• At all costs avoid over-the-counter carpet spotter solutions/sprays. Most of them leave behind too much soapy residue – which only attracts more soil over time. Be really careful using other spotters that are the oxygen bleach cleaners and never use them on silk. These could discolor your carpet or fabrics.
  • Never rub the spot. As much as it may seem like the natural thing to do, never rub the fibers as this will cause damage and make them appear frayed. You may also risk spreading the spot into a larger area.
  • If you use a cleaner, even if it is only diluted dish soap, use it sparingly. More soap is not going to make it get cleaner faster. It’s only going to leave more soil attracting residue in the carpet fibers
  • Never use nail polish remover to remove nail polish.

Things to Remember When Removing Spots From Carpets or Rugs

In the event of an emergency spill or cleaning an old crusty spot out of carpet, always try to use a clean white cloth (CWC). That way, you are not using a towel that may end up transferring color to your carpet. If you don’t have a CWC, use what you have available. Always remember, time is an important factor in treating a spill successfully.

  1. If you have a spill, first remove any excess material from the carpet. If it is a solid, remove as much as possible before blotting. If the spot is dried and crusty, use what you can to flake away the dried material. A back of a spoon or a dull plastic putty knife would work well. Plastic spatula, remote control, your children’s toys, your husband’s comb, whatever it takes;) Sometimes, it may require a steel brush or something extensive. Just be careful and aware of the damage it may cause. Remember that spot removal is trying to repair something that is already damaged. Most of the time you can make an improvement, but you can also cause more permanent damage.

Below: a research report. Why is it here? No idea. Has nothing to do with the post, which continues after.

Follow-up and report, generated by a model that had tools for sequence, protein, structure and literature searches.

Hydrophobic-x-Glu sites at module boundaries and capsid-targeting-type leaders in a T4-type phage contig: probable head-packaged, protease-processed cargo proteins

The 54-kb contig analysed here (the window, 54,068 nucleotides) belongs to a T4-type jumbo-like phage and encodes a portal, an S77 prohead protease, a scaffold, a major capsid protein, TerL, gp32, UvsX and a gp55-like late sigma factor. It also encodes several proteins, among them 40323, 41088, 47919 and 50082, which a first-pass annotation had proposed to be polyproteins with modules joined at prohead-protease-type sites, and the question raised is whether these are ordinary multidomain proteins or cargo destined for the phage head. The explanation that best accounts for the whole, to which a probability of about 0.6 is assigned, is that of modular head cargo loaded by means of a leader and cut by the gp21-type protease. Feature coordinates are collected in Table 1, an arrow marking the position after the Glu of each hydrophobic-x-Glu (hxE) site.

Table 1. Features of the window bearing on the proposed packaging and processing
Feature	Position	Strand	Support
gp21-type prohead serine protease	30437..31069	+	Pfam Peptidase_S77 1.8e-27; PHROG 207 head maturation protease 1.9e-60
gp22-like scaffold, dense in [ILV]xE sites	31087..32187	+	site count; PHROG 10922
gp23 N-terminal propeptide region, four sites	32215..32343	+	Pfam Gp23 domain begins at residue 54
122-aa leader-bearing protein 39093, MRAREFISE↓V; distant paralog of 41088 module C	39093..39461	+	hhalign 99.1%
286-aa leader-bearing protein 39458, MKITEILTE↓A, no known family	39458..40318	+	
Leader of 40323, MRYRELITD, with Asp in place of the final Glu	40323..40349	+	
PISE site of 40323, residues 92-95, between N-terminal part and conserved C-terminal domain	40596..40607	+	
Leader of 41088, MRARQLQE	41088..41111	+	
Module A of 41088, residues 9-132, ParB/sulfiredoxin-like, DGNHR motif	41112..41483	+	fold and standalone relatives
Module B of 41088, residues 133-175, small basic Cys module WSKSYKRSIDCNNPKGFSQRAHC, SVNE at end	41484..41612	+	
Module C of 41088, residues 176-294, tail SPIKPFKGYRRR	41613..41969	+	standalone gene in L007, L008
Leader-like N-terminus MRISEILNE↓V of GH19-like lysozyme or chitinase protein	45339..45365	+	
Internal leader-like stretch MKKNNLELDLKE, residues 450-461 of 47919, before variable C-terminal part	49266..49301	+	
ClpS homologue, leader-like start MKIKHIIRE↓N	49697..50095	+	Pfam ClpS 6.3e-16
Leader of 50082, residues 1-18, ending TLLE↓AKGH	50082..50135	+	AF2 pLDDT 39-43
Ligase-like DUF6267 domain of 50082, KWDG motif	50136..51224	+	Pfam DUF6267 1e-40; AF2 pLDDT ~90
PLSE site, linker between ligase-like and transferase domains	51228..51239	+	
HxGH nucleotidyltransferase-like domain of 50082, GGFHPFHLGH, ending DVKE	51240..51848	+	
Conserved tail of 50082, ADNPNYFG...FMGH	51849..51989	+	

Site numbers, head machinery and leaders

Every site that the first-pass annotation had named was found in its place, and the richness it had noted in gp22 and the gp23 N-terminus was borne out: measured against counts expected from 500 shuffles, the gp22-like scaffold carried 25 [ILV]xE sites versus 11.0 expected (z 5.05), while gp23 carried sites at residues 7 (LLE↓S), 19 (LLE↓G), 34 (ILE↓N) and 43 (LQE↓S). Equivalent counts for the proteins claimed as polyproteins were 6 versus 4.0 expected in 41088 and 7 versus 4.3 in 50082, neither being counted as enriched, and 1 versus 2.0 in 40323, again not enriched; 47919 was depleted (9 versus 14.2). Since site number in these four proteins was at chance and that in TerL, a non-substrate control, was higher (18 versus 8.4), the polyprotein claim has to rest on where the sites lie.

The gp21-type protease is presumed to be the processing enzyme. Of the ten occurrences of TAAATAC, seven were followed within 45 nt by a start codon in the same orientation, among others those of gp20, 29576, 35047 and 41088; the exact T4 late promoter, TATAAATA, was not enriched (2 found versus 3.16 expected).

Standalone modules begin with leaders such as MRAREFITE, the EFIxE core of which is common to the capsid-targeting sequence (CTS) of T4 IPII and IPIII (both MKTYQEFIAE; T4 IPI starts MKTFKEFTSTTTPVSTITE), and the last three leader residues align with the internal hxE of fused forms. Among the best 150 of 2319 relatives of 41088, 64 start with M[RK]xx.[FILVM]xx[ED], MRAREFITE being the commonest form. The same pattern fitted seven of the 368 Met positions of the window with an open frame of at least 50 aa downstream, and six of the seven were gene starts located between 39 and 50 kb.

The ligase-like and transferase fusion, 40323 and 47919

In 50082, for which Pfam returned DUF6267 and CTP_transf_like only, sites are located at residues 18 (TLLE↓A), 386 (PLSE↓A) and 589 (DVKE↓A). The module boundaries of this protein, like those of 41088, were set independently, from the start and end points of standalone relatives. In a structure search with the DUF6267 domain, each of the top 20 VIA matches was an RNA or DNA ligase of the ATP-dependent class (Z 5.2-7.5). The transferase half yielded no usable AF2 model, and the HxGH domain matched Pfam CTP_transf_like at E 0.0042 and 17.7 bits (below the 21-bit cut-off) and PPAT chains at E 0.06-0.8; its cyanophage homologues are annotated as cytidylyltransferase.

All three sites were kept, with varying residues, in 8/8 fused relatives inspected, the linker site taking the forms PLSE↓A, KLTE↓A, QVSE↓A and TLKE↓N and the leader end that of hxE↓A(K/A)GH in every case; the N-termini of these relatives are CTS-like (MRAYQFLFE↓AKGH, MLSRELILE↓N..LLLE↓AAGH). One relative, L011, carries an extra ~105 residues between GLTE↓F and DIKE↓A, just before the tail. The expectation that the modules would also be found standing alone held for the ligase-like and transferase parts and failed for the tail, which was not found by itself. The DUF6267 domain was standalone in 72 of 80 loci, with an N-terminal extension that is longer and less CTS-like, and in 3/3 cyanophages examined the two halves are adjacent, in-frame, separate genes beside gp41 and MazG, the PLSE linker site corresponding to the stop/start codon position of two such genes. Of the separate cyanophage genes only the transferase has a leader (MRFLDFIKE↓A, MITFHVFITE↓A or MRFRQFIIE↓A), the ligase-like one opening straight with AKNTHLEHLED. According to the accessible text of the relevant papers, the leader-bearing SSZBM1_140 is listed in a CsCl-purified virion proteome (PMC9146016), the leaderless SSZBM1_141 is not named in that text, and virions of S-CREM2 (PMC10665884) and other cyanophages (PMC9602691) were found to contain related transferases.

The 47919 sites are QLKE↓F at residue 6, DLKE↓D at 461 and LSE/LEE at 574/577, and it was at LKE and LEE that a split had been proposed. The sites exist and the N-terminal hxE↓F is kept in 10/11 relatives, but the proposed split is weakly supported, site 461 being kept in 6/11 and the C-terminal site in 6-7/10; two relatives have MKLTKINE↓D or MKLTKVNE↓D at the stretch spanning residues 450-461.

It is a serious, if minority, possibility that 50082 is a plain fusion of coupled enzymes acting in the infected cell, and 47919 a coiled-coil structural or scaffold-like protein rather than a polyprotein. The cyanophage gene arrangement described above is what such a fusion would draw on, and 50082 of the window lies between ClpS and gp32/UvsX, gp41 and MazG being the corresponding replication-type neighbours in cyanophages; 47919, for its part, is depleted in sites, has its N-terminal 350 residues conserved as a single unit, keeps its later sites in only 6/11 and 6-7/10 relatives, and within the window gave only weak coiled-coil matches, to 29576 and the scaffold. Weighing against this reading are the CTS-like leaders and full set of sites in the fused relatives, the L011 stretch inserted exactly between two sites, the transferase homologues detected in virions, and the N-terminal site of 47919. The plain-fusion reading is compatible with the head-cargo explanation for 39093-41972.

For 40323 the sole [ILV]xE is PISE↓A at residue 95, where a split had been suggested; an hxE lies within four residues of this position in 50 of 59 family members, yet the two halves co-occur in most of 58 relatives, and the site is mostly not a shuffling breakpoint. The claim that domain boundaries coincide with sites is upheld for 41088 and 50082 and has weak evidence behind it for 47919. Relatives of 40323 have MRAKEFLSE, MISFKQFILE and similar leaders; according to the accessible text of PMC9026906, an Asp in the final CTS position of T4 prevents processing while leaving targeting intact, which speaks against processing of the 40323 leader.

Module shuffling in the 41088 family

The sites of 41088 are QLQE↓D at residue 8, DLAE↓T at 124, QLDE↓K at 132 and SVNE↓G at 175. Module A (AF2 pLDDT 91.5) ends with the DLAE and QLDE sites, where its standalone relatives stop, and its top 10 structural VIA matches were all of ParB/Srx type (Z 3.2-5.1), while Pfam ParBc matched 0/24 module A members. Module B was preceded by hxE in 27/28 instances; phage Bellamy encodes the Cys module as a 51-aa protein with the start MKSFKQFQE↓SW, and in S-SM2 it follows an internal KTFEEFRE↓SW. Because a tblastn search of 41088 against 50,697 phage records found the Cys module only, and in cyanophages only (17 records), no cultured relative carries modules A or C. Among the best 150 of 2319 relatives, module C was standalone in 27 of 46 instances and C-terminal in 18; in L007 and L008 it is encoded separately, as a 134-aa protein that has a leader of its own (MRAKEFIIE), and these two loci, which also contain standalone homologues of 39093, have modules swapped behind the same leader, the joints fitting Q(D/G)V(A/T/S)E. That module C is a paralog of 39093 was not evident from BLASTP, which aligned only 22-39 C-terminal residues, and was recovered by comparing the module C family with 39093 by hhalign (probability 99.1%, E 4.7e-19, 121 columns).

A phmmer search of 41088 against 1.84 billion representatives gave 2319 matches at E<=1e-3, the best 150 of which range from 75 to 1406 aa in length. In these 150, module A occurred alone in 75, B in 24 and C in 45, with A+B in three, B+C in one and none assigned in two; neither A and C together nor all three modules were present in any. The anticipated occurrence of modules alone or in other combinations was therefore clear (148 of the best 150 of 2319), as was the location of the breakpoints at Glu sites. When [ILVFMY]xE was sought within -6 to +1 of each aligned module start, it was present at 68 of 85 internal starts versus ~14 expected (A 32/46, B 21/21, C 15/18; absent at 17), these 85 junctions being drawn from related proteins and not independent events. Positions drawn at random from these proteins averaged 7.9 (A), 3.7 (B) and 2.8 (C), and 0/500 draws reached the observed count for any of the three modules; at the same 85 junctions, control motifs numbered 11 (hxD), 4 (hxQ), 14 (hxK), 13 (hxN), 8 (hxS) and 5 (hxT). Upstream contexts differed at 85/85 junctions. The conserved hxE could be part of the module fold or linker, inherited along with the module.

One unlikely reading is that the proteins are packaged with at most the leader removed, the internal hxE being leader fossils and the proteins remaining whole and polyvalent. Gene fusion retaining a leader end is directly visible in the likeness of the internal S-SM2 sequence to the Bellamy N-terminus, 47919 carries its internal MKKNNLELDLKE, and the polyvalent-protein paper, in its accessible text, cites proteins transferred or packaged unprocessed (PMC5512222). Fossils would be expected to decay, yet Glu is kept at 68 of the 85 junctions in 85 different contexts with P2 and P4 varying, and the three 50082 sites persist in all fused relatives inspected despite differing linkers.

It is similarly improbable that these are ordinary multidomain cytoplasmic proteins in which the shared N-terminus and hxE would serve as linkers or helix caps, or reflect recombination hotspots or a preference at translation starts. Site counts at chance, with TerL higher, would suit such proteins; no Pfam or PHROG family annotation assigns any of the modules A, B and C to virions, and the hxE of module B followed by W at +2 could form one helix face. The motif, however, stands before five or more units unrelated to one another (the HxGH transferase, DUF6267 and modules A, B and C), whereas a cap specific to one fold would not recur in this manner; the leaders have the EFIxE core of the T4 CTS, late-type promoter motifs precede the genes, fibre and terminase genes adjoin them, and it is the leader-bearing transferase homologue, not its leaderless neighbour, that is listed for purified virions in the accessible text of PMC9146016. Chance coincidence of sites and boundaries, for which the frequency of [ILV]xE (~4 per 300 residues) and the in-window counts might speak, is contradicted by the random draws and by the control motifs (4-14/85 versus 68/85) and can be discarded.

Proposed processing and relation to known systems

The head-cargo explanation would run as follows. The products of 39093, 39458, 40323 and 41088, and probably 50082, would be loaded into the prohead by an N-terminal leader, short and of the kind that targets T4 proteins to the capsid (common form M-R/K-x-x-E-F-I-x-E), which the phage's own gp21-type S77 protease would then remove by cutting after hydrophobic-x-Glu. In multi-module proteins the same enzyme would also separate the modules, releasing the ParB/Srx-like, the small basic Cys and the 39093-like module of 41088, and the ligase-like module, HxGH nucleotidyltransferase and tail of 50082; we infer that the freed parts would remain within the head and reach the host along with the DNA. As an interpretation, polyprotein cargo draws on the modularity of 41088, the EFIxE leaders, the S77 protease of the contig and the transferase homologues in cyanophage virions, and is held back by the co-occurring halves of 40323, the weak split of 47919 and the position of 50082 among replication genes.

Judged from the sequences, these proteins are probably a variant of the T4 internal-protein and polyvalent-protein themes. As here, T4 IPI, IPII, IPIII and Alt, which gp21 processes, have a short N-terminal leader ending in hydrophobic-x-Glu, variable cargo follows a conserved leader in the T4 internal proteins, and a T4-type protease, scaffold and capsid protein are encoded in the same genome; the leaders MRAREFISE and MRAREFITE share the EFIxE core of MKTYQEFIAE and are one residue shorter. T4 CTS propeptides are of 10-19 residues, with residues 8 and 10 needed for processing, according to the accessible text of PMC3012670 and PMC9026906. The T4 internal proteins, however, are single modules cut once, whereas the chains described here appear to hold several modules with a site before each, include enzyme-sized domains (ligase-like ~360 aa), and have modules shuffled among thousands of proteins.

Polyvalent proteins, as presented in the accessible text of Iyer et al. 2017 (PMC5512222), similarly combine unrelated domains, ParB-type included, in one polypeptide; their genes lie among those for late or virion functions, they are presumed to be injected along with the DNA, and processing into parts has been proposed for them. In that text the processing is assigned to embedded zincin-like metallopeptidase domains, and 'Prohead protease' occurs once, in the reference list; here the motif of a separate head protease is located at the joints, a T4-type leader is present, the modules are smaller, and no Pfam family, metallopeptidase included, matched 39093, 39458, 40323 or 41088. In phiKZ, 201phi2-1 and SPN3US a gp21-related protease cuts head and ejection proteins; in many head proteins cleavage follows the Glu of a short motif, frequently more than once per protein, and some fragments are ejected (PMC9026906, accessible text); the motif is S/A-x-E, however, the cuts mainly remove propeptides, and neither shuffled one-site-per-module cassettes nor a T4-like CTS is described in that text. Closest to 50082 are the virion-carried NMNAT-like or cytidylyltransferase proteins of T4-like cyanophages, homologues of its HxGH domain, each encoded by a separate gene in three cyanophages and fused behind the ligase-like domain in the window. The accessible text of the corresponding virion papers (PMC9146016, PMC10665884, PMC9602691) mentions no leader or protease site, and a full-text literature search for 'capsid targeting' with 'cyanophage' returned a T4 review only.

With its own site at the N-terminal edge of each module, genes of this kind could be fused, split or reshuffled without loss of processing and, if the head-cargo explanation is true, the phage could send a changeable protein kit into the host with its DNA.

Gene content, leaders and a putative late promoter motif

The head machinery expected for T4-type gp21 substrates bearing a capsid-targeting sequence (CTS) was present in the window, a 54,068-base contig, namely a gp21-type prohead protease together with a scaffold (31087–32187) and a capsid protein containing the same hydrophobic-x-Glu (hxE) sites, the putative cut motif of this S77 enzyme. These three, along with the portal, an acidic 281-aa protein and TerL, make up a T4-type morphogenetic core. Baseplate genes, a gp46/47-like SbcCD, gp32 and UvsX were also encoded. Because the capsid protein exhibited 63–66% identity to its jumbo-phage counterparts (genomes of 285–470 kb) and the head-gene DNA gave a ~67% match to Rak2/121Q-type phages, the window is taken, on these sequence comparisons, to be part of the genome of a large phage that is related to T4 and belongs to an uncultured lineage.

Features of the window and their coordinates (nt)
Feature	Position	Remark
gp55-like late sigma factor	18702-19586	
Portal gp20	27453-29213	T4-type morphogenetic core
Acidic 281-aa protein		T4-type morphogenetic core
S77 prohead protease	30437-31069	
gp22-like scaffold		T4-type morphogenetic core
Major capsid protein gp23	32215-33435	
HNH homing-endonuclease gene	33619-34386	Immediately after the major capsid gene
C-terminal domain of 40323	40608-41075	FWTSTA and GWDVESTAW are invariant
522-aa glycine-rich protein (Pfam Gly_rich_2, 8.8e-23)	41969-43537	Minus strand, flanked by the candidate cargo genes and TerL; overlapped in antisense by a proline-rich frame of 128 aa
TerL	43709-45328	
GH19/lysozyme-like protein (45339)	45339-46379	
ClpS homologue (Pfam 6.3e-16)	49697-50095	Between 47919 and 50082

2. Next, determine the best approach for your treatment. Knowing a little bit of history and analyzing the condition of the carpet. Choose from A or B below.
A. The carpet is new or was recently cleaned and protected by a professional. The protector is there to assist the soil/stain in releasing from the carpet fibers.
  1. Use a dry CWC to blot the spot moving from the outside in, as to not spread the spot. Use all of your body pressure to blot the spot and keep rotating the CWC to a clean spot.
  2. Once you are no longer getting transfer of the spot to the cloth, or there are no clean areas on the cloth remaining, rinse and wring the cloth.
  3. Now, with a damp CWC, blot the spot in the same manner as before.
  4. If you have a wet vacuum system, use it to extract. You can use a more-than-damp CWC to get some clean water in the spot. Extracting will flush the fibers.
B. The carpet has not been clean and protected recently or if the spot/stain persists after trying Option A.
  1. Mix 1/4 tsp clear dish soap in a quart of water.
  2. Dampen a CWC in the water/soap mixture and blot the spot from the outside in.
  3. If you have a wet vacuum system, use this to extract.
  4. When using any sort of soap/surfactant, always “rinse” the spot afterward with plain water. Grab another CWC and dampen with clear H2O. Blot and extract the spot 2-3 times. You can use a more-than-damp CWC to get some clean water in the spot. Extracting will flush the fibers.

Keep this resource bookmarked for your next carpet stain or emergency spill. As always, free free to reach out to us during our business hours, Mon-Fri 8am-5pm if you have any questions. 301-739-4640

Remember, when you have your carpet professionally cleaned, ALWAYS have carpet protector reapplied to extend the life of your carpet and buy you more time in the event of a spill.

At AmeriClean, we pride ourselves on providing a friendly experience that you can trust. We know you trust us to really know our stuff. That’s why we continue to host in-house professional training seminars. We hire the industry-leading experts like Jim Pemberton and Bill Mountain to come on-site to our facility to train our entire staff. We recently hosted an in-depth review of carpet spot removal in April of 2019

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Maryland, Pennsylvania & West Virginia

Proudly Serving Maryland, Pennsylvania & West Virginia